The future of four court cases that could cost most Fort Oglethorpe councilmen their jobs is up in the air.
Last week, the city officials' defense attorneys argued in Catoosa County Superior Court that all of the cases should be dismissed. Now, attorneys on both sides await Judge Jon B. Wood's decision. He did not return a call seeking comment Tuesday.
If the civil cases are not dismissed, defense attorneys argued on Sept. 11, the four cases should at least be consolidated. Now, the attorneys are handling four cases that deal with identical allegations and evidence.
The cases began in May, when residents Christine McKeever and Louise Stinnett filed actions seeking the removal of Mayor Lynn Long and three other members of the City Council: Louis Hamm, Clay Kissner and Johnnie Smith.
The cases revolve around what happened six months ago at City Hall. On March 22, during a special meeting, City Manager Ron Goulart resigned. Then, Hamm, Kissner, Long and Smith voted to appoint Harold Silcox as the interim manager. About half an hour later, Silcox fired police chief David Eubanks and Public Works director Jeff Long.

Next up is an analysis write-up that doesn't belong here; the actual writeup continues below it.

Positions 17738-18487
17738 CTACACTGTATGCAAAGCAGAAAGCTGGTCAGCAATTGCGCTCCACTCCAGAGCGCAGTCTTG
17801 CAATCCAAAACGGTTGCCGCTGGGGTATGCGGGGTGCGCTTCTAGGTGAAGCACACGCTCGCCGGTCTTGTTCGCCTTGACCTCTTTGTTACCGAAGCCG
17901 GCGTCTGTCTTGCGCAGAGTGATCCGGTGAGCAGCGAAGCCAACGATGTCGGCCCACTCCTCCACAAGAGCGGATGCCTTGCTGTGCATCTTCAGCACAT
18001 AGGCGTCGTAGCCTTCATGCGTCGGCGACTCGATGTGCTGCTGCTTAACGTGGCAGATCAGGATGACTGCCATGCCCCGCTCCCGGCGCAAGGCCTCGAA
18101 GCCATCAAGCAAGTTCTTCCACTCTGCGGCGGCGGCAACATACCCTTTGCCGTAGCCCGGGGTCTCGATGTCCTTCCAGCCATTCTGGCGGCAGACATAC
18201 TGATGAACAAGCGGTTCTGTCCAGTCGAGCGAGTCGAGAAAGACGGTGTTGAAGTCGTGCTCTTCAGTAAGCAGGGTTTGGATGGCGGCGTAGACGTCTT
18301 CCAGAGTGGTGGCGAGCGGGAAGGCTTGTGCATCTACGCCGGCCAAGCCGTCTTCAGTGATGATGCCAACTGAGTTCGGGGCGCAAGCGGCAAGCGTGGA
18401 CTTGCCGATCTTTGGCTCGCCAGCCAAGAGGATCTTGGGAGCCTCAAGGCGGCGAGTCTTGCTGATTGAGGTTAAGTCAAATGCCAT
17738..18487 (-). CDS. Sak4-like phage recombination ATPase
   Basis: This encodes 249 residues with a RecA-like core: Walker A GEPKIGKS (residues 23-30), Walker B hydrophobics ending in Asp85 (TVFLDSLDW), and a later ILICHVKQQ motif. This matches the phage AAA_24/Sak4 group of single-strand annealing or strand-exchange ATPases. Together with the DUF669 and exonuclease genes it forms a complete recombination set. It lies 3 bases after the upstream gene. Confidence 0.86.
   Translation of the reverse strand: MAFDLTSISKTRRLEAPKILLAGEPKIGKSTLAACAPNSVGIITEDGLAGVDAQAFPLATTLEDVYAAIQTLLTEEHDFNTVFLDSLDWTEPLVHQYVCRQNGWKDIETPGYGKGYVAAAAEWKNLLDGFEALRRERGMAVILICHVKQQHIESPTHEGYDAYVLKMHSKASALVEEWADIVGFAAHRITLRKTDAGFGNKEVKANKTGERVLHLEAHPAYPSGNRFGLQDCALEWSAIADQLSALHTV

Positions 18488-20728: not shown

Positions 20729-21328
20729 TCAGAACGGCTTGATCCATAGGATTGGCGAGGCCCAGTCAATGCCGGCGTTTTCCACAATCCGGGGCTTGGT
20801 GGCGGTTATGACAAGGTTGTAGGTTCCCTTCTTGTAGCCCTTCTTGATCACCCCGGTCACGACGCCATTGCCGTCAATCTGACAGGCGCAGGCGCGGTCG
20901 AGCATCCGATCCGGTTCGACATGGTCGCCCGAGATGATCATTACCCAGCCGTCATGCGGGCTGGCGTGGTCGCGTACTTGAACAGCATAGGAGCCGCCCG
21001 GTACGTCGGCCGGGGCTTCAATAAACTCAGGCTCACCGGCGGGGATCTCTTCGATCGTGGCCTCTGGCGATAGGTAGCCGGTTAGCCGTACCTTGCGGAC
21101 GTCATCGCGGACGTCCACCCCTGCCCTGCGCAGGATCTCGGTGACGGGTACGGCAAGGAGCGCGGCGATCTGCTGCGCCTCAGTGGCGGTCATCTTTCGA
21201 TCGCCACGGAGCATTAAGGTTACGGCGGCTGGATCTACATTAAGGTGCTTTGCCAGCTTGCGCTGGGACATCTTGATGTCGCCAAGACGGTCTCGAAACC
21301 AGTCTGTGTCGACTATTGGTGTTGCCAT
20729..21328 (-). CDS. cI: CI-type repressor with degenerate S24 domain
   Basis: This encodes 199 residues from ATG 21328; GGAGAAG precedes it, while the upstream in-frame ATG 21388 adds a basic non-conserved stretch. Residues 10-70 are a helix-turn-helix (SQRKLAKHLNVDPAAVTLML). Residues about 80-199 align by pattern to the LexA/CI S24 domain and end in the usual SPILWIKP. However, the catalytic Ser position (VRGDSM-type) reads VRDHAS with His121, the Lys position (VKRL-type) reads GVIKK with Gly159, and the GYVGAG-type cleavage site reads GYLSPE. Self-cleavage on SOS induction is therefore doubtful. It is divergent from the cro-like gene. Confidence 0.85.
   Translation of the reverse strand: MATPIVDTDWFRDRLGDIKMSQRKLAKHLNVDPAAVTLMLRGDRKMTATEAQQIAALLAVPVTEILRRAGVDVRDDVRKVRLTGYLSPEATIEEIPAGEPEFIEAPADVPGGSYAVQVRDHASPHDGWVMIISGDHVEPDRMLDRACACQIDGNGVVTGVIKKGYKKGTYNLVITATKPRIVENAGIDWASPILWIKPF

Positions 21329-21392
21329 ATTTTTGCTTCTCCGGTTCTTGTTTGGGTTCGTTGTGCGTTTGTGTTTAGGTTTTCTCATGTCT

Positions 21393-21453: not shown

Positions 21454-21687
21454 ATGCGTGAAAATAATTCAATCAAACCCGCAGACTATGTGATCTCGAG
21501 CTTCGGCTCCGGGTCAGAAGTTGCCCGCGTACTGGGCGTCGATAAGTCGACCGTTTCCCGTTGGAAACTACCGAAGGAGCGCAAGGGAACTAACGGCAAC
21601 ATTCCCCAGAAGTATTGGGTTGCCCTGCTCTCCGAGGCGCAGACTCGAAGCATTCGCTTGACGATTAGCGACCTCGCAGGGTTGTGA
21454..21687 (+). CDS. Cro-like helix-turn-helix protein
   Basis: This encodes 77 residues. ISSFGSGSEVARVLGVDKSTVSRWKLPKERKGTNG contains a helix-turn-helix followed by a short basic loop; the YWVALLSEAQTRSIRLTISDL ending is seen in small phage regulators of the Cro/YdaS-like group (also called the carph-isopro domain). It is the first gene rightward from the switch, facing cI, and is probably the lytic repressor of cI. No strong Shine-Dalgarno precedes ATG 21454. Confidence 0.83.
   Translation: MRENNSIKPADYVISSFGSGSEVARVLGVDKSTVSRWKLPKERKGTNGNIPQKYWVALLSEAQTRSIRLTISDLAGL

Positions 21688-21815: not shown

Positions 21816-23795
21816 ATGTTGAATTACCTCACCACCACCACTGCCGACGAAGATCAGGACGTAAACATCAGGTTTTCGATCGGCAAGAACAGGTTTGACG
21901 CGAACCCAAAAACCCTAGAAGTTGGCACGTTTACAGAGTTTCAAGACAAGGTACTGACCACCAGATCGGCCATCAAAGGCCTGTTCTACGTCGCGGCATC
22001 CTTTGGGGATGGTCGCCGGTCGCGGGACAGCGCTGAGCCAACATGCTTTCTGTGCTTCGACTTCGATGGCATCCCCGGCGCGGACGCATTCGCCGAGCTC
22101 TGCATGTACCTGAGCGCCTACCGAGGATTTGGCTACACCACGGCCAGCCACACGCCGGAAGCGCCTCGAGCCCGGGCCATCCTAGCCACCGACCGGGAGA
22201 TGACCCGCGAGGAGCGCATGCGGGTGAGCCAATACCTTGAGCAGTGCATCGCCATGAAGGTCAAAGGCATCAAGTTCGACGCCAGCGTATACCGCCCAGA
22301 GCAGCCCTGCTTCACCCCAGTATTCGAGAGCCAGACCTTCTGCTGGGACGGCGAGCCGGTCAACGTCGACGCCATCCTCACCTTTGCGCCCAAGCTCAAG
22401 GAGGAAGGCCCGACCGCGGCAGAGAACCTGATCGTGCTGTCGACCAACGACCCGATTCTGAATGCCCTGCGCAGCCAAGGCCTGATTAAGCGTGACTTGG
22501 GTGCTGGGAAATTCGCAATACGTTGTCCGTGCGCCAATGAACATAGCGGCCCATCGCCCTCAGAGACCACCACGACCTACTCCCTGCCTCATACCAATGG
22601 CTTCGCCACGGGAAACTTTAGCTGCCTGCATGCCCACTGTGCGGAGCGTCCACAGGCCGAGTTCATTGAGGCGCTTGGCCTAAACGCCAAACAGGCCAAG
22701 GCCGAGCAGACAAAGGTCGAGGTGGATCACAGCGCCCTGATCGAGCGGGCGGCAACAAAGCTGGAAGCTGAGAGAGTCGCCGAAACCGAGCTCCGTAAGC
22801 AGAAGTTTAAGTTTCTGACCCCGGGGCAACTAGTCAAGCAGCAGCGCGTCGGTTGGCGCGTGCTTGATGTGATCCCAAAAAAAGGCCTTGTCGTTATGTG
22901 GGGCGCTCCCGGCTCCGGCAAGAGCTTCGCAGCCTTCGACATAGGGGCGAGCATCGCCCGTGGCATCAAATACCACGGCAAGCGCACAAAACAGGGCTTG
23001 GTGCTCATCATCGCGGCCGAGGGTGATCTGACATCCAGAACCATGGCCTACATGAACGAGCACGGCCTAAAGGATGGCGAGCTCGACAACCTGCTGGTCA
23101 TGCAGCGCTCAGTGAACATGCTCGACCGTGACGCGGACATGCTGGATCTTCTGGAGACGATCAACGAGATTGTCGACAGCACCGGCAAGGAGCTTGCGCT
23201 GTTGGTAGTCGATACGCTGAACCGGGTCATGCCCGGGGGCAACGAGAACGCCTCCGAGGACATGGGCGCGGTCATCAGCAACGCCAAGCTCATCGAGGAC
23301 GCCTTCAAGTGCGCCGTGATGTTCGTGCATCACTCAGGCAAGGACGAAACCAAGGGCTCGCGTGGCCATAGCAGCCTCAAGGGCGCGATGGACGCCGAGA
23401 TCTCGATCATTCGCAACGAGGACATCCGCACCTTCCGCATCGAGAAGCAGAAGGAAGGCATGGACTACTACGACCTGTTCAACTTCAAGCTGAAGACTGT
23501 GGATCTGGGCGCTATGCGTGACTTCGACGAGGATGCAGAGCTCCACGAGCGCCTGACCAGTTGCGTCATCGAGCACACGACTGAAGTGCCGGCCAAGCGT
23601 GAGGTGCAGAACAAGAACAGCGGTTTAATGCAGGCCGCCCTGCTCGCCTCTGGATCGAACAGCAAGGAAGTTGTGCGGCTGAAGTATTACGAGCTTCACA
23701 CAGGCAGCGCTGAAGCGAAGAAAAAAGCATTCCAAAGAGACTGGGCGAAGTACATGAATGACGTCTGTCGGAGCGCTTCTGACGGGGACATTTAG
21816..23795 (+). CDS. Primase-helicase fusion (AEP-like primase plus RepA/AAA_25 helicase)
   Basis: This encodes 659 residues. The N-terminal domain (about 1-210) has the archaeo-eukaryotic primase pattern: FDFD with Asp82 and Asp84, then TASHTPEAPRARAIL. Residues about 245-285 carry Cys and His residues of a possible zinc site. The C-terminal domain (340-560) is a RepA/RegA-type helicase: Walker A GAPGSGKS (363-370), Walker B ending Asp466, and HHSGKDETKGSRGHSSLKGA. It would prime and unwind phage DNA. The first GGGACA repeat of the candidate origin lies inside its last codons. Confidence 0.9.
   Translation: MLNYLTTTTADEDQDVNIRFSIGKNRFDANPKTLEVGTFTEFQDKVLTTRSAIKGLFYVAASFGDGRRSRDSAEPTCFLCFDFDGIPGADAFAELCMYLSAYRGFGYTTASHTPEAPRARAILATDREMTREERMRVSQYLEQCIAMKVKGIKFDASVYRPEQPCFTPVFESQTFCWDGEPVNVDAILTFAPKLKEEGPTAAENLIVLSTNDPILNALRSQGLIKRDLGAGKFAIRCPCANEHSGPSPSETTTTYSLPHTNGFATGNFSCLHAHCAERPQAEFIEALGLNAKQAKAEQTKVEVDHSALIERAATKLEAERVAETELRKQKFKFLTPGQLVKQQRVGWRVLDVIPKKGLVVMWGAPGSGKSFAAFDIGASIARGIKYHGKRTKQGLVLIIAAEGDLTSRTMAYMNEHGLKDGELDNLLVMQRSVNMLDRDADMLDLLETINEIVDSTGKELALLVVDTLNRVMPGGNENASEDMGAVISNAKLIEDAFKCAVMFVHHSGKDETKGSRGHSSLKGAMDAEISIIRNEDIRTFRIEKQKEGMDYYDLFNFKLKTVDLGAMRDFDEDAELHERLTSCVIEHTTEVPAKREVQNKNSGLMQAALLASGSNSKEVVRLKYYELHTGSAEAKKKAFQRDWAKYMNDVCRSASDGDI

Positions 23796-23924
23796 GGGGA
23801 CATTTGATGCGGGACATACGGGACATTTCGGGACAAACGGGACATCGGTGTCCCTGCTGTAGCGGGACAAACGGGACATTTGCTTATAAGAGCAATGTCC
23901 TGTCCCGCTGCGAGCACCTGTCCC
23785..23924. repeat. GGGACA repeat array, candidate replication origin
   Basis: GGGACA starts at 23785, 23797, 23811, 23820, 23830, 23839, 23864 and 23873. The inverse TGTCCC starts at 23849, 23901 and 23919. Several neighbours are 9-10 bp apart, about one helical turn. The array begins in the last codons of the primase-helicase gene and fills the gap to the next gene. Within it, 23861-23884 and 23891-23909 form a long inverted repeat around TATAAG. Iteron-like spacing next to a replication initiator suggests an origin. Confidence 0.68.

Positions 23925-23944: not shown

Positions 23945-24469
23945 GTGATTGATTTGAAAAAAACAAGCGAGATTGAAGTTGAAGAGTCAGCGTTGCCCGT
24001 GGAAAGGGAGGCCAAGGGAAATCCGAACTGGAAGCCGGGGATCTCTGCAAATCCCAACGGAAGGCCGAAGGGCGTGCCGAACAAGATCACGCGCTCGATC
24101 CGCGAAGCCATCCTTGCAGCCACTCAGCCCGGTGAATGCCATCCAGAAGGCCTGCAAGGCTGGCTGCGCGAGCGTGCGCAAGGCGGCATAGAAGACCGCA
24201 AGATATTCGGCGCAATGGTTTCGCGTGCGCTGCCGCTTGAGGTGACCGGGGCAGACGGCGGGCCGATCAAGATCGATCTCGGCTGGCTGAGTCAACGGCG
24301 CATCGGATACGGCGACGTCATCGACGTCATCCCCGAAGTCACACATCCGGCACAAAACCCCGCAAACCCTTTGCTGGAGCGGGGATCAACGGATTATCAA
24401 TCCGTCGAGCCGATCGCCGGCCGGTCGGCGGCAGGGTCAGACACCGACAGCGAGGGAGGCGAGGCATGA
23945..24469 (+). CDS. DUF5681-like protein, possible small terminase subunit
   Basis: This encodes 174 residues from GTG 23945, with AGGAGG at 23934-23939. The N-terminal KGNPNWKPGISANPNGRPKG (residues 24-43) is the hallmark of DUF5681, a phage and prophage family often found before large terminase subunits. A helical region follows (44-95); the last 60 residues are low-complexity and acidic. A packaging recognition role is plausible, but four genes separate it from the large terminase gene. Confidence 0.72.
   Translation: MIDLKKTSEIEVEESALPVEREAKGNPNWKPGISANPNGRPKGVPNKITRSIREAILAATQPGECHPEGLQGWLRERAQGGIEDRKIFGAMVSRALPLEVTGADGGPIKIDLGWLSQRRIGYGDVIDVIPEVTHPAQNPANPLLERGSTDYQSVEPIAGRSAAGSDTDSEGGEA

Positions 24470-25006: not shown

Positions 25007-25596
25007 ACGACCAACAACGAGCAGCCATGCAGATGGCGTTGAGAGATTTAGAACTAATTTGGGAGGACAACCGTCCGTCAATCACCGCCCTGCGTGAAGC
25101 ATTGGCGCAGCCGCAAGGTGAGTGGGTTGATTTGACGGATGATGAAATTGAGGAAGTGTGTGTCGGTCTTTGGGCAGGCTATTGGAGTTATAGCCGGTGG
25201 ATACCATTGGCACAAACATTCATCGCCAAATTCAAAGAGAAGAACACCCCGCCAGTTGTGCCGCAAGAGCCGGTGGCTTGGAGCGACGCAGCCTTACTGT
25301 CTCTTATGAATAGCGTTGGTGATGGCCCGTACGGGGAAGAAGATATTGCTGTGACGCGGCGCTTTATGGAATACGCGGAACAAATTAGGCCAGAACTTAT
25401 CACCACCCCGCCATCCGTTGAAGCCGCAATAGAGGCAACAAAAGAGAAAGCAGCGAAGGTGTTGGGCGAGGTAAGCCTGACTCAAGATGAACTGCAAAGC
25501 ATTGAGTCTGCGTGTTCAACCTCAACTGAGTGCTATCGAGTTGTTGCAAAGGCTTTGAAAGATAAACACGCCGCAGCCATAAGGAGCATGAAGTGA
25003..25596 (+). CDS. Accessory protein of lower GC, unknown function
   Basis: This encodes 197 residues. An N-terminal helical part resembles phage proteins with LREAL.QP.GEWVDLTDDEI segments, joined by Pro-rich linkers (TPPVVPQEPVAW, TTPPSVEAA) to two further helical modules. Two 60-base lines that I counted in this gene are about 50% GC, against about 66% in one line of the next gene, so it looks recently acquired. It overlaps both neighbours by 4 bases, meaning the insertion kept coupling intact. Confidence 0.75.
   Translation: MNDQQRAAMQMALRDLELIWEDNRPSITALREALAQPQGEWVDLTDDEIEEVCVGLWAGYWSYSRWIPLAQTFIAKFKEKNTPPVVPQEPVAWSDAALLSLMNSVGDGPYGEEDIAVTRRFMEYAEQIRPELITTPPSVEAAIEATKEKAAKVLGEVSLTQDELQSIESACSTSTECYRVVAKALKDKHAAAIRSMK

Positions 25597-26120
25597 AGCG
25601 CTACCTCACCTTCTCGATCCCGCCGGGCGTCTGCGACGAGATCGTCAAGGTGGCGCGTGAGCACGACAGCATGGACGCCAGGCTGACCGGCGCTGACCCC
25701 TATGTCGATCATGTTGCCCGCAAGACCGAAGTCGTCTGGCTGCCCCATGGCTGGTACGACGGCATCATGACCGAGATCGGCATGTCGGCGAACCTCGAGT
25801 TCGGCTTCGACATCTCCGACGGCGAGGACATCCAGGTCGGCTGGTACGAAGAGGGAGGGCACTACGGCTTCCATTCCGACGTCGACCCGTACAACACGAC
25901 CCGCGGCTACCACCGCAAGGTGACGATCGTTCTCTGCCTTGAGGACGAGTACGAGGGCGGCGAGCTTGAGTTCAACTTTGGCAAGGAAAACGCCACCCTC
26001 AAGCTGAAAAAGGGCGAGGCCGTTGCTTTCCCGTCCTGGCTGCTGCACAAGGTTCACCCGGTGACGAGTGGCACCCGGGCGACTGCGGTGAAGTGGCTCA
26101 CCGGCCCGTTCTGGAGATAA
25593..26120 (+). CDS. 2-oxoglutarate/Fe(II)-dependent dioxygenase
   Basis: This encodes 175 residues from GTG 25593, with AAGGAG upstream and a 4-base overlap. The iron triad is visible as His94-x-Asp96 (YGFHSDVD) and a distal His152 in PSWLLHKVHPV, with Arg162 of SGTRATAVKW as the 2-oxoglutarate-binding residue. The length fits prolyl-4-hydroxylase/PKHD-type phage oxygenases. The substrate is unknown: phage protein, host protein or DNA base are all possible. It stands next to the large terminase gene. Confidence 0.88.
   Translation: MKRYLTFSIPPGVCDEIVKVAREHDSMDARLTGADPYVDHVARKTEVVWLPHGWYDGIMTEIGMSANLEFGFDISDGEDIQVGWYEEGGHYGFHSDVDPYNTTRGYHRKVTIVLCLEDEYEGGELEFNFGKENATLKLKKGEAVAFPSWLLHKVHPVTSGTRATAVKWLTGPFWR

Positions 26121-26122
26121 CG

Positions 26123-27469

In court filings, McKeever and Stinnett say the four councilmen were part of an illegal conspiracy. After allegedly telling Goulart on March 21 he needed to resign or he'd be fired, Lynn Long supposedly met with Hamm, Kissner and Smith in the mayor's office. They offered Silcox the interim city manager job in exchange for his promise to fire Eubanks and Jeff Long, according to the filings.
Lawyers representing the councilmen deny this is how the city manager position changed hands. And, in their motion to dismiss the case, the defense -- City Attorney Robert Stultz and Atlanta-based lawyer Charles Palmer -- says the citizens filing the case cannot prove that the secret meetings ever happened.
"The actions for removal filed by the Plaintiffs plainly fail as a matter of law, even if taken as true [which they most certainly are not]," Palmer and Stultz wrote in the motion, filed in July.
In arguing that the mayor and three other councilmen should lose their jobs, the city residents cited Fort Oglethorpe's charter. They said the councilmen's actions were be oppressive, tyrannical and illegal. Any of these, if proven, would be grounds for removing the councilmen, according to the charter.
But the defense says state law contradicts these city laws, and that Georgia trumps Fort Oglethorpe in a dispute. The city officials' lawyers argue that Georgia's Recall Act of 1989 repealed all local recall laws and prohibited local governments from creating new ones.
"The actions filed by the Plaintiffs constitute a significant distraction to the important governing activities of the city of Fort Oglethorpe and can only be viewed as a political ploy," Palmer and Stultz wrote.
John O. Wiggins, the attorney representing McKeever and Stinnett, did not return a call Tuesday seeking comment.
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